After midnight -- and much time working on their essays -- St. John's students ring the tower bells in celebration of their intellectual achievements.

Seniors' sound of success

February 07, 2005|By Jamie Stiehm | Jamie Stiehm,SUN STAFF

Ringing the tower bells early yesterday was a post-midnight moment of truth for 93 seniors at St. John's College in Annapolis who had just handed in their senior essays.

The scene was more sedate than the neighboring Naval Academy's annual spring ritual of climbing the greased Herndon Monument. But then, "Johnnies," as the undergraduate liberal arts students are called, are generally known for their devotion to the life of the mind.

This midwinter night, however, was a time to be festive. Wearing a tiara and a black velvet dress with matching gloves, Elizabeth Durham, 22, said nothing less would do to mark finishing her paper on Shakespeare's Twelfth Night. "I just wanted to wear something suitably formal," she said.

At the historic college where lawyer and national anthem lyricist Francis Scott Key was once valedictorian, the bell-ringing is seen as an intellectual coming-out party.

As philosophy and literature students said before they lined the staircases under the octagonal tower, ringing the bells one by one to represent the whole class is an important rite of passage for a class that began its freshman studies learning ancient Greek -- the better to read Homer and Herodotus.

Annapolis residents have been known to complain about the nocturnal bell-ringing, but city officials have been willing to let the tradition carry on in the state capital.

Senior Julie Sarowski, 24, described how much making the bells toll suddenly mattered to her. "I never thought of myself as a traditional person," she said. "But this is the culmination, what it's all about."

In the first step of this class ritual, the college president, Christopher Nelson, held a late-night party at his home several blocks from the college. Near the door, he and Dean Harvey Flaumenhaft accepted each senior's essay.

"This is their intellectual achievement, their lifework, in a certain sense," Nelson said as the dean checked off names from a list of 94. "The test will be how many of the 94 will be here today, and the question is how long midnight lasts."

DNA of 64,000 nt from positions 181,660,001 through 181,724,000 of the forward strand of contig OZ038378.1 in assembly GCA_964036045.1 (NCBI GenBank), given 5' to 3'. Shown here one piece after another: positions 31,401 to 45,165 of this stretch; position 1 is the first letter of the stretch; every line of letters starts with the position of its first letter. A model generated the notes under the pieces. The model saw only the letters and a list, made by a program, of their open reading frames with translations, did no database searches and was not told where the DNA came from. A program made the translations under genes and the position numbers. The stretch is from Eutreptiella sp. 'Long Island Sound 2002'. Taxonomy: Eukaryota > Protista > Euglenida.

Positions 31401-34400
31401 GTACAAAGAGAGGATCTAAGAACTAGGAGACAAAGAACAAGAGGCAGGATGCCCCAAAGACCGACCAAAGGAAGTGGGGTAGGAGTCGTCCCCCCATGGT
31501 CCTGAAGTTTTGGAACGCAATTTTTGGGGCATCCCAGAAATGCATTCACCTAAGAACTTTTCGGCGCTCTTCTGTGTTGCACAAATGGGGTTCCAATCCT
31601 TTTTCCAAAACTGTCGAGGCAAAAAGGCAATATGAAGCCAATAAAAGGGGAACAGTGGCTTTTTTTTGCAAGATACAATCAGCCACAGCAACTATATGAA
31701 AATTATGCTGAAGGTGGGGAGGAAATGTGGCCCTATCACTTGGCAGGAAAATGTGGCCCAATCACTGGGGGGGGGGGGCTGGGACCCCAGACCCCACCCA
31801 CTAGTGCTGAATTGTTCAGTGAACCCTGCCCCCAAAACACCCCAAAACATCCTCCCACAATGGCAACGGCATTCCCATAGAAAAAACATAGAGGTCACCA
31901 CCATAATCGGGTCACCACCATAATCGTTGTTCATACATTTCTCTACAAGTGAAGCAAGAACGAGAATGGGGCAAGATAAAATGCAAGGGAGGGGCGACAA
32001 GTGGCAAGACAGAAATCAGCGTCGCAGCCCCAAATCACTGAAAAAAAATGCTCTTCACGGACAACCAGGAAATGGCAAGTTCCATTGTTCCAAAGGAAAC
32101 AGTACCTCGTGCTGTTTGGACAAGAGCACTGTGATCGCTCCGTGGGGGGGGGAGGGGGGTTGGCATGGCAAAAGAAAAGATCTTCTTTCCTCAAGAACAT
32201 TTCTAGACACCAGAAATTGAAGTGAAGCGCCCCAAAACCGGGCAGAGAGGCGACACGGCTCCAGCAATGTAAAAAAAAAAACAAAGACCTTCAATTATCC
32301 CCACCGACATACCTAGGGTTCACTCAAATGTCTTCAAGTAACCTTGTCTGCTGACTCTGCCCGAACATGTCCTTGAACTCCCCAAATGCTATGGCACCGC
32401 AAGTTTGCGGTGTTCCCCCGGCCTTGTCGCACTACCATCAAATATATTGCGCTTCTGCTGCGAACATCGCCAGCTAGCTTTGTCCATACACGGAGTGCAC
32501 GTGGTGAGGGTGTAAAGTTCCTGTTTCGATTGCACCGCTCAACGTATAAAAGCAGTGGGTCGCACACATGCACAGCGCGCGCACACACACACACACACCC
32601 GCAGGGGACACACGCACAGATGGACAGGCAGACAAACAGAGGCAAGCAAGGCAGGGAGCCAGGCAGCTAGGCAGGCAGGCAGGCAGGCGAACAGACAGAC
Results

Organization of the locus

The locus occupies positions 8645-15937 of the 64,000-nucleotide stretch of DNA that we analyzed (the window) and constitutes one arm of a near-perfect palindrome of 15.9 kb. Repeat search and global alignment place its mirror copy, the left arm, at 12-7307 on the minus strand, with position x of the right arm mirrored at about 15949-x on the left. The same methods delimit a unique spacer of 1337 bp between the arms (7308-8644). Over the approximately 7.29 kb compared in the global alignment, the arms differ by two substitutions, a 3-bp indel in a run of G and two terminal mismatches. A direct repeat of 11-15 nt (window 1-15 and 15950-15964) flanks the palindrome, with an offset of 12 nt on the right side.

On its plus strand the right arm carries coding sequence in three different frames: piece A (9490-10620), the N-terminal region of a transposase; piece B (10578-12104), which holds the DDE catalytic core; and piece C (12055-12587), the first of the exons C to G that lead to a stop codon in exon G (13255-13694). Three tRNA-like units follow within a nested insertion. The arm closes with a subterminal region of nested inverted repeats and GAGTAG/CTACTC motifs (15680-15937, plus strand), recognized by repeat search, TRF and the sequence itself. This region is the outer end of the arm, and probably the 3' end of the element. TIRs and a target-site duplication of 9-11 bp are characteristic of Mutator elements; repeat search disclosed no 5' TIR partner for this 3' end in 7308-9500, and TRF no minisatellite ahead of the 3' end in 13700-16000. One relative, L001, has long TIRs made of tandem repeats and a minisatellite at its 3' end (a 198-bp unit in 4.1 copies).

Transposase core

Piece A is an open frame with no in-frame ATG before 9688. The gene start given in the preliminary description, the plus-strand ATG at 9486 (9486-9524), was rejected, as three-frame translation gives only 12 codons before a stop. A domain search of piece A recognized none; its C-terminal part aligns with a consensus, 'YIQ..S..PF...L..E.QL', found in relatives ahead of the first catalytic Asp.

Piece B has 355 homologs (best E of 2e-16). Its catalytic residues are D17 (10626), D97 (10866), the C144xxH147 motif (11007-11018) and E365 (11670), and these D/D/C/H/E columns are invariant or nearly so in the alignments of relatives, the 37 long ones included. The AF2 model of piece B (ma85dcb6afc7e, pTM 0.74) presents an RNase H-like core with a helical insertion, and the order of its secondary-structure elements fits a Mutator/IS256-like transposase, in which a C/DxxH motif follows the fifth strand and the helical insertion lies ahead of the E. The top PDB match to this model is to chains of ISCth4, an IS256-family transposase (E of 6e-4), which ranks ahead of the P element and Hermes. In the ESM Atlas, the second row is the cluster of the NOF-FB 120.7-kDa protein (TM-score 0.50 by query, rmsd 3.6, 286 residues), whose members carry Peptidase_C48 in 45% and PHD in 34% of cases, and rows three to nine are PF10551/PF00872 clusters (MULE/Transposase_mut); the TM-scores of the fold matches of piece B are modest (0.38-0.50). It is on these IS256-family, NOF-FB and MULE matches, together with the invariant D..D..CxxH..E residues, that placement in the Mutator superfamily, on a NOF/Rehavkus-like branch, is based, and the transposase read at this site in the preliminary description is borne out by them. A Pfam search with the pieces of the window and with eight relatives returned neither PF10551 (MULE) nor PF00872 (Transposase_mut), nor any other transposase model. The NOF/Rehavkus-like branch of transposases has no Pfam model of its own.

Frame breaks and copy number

Midnight was the deadline for every essay. But there were a few who kept their classmates and tutors worried and waiting until the last moments. So Nelson declared that midnight would be allowed to last longer than usual.

Eva Brann, a faculty member for 48 years, said of a missing student, "He's still thinking."

Like Nelson, she said this midnight hour was a high-water mark for learners. "This is supposed to be their masterpiece, once they have learned to read books, how to form opinions and how to express yourself."

The 20- to 40-page senior essay can focus on anything the student chooses after absorbing the "great books" curriculum the college adopted in 1937, a rigorous program that covers the unfolding of Western thought and civilization. College officials date the bell-ringing revelry to that era.

Founded in 1696 as King William's School, the college is one of the oldest in the United States. It became St. John's College in 1784, but echoes of its English character reverberate across the serene campus by the banks of College Creek. In more recent history, Nelson is a graduate of the Class of 1970 -- and his father, wife and son also are alumni, he said, all familiar firsthand with ringing the bells.

On a recent afternoon in a campus coffeehouse, four seniors took a break from their labors to reflect on what they had accomplished in the past several weeks.

Justin Lanier, 22, said he took as his topic "A Groundwork for the Mathematics of Morals." Janae Decker, 22, tackled Moby-Dick and wrote on "In Black and White: Demystifying Moby-Dick." And Tobin Herringshaw, 28, investigated the aim of tragedy in "Tragedy and Transformation in Aristotle's Poetics."

Erica Naone, 23, took on a seemingly simple task in her essay, "The Word and the Image: Definition of a Straight Line."

"It's about the tension between ancient and modern geometry across the centuries," she said. "Then it wanders into metaphysics and [asks,] `What is truth?'"

Along the way, she said, her essay explores the move from Euclidean geometry to non-Euclidean geometry as "an amazing leap to the edge of imagination."

On the other hand, Decker said she concluded there was no need to overanalyze Moby-Dick's characters as prophets, symbols, or in terms of good or evil: "Moby-Dick is just a whale, Ishmael is just a sailor and Ahab is just a captain."

Seniors were given a month of class-free time to work on their essays and confer with academic advisers. At yesterday's gathering, several said they were operating on a mix of caffeine, adrenaline, jubilance and party champagne that seemed to make their recent stress evaporate.

The last student to arrive at Nelson's house was Matt Reiner, who showed up about 1 a.m. He was cheered by classmates now free to return to campus and sound the bells as a complete unit. The 94th member of the class, who was absent, was given an extension, Flaumenhaft said.

As the president's party emptied out, Nelson said an important experience awaits each senior: a formal cap-and-gown oral exam by three faculty members for an hour in the King William Room, in which their essay arguments are analyzed.

Back on campus, that last step was far from their minds for the moment. The senior class essayists each pressed a button to make the St. John's College tower bells peal through the night sky. Ninety-three times.

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